Sober tools: what helps, and what doesn’t
(Stop fucking around with houses built out of straw)
M (day 1 sober) writes: Belle, I keep trying all these things to help me be sober and nothing works. I just spent $100 on vitamins. I’ve been to the one-day, quit-drinking workshop. I signed up for a French class. You see, I’ve always wanted to go to Paris and with all the money I’m not spending on booze, I could buy a plane ticket.
You can hear M’s thinking, you can totally see what she’s saying, and it seems logical, doesn’t it. And my reply would be: “If you are continuously sober, then yes, whatever you’re doing is working. Keep doing it.”
But if you are not continuously sober — and I mean if you reset after 2 days, or 20 days, or 200 days — then what you’re doing isn’t quite enough to keep you sober. So you add in more sober tools.
Argh, I’m on Day 1 again. I’m enrolled in French class. Why isn’t that enough?
French class is something you can hang in the space that booze used to occupy. But taking a French class is not a sober tool.
Sober tools are things that help you to be sober.
Imagine this. You’re one of the three little piggies who is building a sober house, and wolfie comes to blow your sober house down.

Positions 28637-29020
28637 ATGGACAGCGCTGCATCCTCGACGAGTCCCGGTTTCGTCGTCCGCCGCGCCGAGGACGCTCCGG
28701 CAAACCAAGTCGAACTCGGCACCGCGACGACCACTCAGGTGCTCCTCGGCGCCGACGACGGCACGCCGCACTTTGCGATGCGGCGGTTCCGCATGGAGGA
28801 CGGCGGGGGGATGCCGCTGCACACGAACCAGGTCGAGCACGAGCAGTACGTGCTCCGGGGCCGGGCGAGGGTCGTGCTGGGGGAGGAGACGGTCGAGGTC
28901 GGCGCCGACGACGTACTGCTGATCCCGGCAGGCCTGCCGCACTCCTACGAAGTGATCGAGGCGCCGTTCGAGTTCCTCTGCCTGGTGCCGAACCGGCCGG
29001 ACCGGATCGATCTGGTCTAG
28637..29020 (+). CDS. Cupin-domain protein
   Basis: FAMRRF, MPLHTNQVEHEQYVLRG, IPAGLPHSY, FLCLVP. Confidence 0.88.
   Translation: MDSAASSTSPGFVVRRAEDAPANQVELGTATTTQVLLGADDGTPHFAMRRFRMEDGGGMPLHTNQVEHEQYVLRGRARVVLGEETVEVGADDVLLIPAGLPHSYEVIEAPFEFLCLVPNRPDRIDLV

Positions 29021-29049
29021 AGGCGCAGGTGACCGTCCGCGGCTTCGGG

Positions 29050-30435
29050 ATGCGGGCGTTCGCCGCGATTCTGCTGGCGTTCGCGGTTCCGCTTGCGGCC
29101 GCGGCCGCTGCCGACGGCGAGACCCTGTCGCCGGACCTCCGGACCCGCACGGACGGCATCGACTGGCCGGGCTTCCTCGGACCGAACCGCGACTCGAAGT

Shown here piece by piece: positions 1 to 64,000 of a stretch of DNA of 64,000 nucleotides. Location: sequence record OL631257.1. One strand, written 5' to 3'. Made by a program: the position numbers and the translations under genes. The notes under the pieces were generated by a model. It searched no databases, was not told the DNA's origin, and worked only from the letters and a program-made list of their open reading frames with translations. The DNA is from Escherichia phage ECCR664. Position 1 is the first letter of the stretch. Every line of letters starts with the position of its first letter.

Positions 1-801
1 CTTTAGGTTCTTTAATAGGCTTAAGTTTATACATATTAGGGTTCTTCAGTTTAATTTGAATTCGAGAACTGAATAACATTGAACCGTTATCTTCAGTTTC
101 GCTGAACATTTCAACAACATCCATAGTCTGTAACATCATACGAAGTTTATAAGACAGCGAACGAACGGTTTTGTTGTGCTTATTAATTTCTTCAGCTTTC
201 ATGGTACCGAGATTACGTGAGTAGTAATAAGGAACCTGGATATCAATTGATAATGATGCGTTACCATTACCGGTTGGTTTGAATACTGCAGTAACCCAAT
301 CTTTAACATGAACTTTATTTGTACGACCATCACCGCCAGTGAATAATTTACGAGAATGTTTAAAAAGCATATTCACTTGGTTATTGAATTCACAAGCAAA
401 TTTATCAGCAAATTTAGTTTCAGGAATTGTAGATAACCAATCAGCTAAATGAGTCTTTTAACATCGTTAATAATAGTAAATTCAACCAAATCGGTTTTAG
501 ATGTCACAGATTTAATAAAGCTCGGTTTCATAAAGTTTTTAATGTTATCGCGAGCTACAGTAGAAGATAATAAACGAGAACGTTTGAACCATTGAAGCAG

You build your sober house out of straw or sticks or tarps or wood, and wolfie blows it over. Maybe not right away, maybe not tomorrow, but as soon as there’s a strong wind, as soon as there’s a death or a celebration or a runaway teenager or Sheila in accounting pulls her shit again and refuses to do the cheque run before end of day on Friday.
Doesn’t take much, then wolfie is at the door. Blowing. Sober house falls down.
But let’s be real, wolfie only has to knock on the door of your house made of straw to knock it over. To the house of wood, he’ll knock, and when that doesn’t work, he’ll add in lung full of hot air and a bit of whining. Doesn’t take long.
(And really, you built a sober house out of straw? You were wishi. You’re were hoping you could do the minimum. You knew it wasn’t going to be enough.)
To the house of stone, though, the house built out of sober stones set careful on a sober cement foundation — yeah, that house — well, wolfie will knock on your door. And when that doesn’t work, he’ll try to blow you over with convincing arguments as to why you need to Drink Right Now. You’ll add in a bit more cement and wave to him through the window. He’ll look for cracks, but you’ve got double-paned glass and a bug screen.
Now this sober stone house, this is your life.
Your life is worth more than the minimum. It’s worth more than straw and tarps.
The soul of you, the essence of you, the real you that isn’t anesthetized, the real you that is empathetic and helpful and has good boundaries — that you gets deserves to be guarded in a solid stone structure.
What helps to build a wolfie-proof, stone sober house?
Advice from an architect. Talking to the girl at Home Depot about the length of the nails and what’s worked on similar projects.